If you are using a script writing software, the program will automatically format your writing as you go to suit the traditional style of scripts. If you are using a word processor like Microsoft Word or another similar to it, you will need to know the formatting rules. Scene headings are written flush to the left margin, and they are written in caps. The scene heading can also be referred to as a slugline, and it is the part of the script that tells the reader where that specific scene is taking place. Action, or description, is what you use to set the stage – describing the setting and allowing you to introduce the characters. You will write in the active voice as opposed to the passive voice. You should also write in the present tense, not the past tense like a novel. Whenever introducing a speaking character for the first time, you put their name in caps.
A character’s name doesn’t always have to be an actual name. It can be a description or even an occupation. This is okay for small roles, but it is always best to try and give every character at least a first name if they have more than a line or two. When the character begins to speak, their name is printed in caps and indented 3.5″ from the left margin. Parentheticals – attitudes, verbal directions, or action directions – are indented 3″ from the left margin. Dialogue is written beneath the character’s name indented 2.5″ from the left margin. It is also usually only 30-35 spaces long instead of the full length of the page like the description. You can also use extensions beside the characters name if the character will be saying something off camera or off screen.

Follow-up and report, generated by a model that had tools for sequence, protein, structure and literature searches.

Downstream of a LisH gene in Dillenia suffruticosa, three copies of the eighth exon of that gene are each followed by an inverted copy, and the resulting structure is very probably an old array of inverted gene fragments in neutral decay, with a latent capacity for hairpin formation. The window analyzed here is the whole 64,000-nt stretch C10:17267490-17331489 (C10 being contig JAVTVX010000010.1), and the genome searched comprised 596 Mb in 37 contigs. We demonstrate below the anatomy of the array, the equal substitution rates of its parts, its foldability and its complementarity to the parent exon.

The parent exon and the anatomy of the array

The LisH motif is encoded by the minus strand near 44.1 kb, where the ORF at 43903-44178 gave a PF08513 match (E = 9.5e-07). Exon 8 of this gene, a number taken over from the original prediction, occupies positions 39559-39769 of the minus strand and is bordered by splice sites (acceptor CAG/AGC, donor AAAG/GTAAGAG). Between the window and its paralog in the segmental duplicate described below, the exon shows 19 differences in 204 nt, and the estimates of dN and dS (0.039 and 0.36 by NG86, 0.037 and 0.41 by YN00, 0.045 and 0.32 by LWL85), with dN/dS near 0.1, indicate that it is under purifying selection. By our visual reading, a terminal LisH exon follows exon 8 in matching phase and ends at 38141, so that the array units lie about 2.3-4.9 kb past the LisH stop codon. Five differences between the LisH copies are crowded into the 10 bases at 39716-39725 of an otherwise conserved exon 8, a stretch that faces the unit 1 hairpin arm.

Write Your Script
If you prefer outlining before you write, be sure to have your outline handy when you do eventually sit down to write your draft. As you write, keep an eye out for plot holes or weak characters, and edit as needed. When you have completed your first draft, share it with different people you can trust, and ask for their honest opinions. Use their feedback to help make your story even better. Have fun with it, and find the inspiration to keep you going. Just remember that you can’t go anywhere with an unfinished script, and the worst thing that can happen is your script ends up rejected. All a rejection means is to go back and try again.
Always Remember to Format Your Title Page Too
If you plan to submit your script to a studio, you will need to format the title page appropriately. Do not have a page number on the title page. Type the title of the script in bold, centered vertically and horizontally on the page. Two lines beneath the title, you should write the words “Written by” centered beneath the title, and two lines beneath that, you should center your name and the names of any co-writers. In the lower right hand corner, you should include your contact information and your agent’s, if you have one. In the lower left hand corner, you should include some kind of copyright notification and whether you registered it with the Writers Guild of America.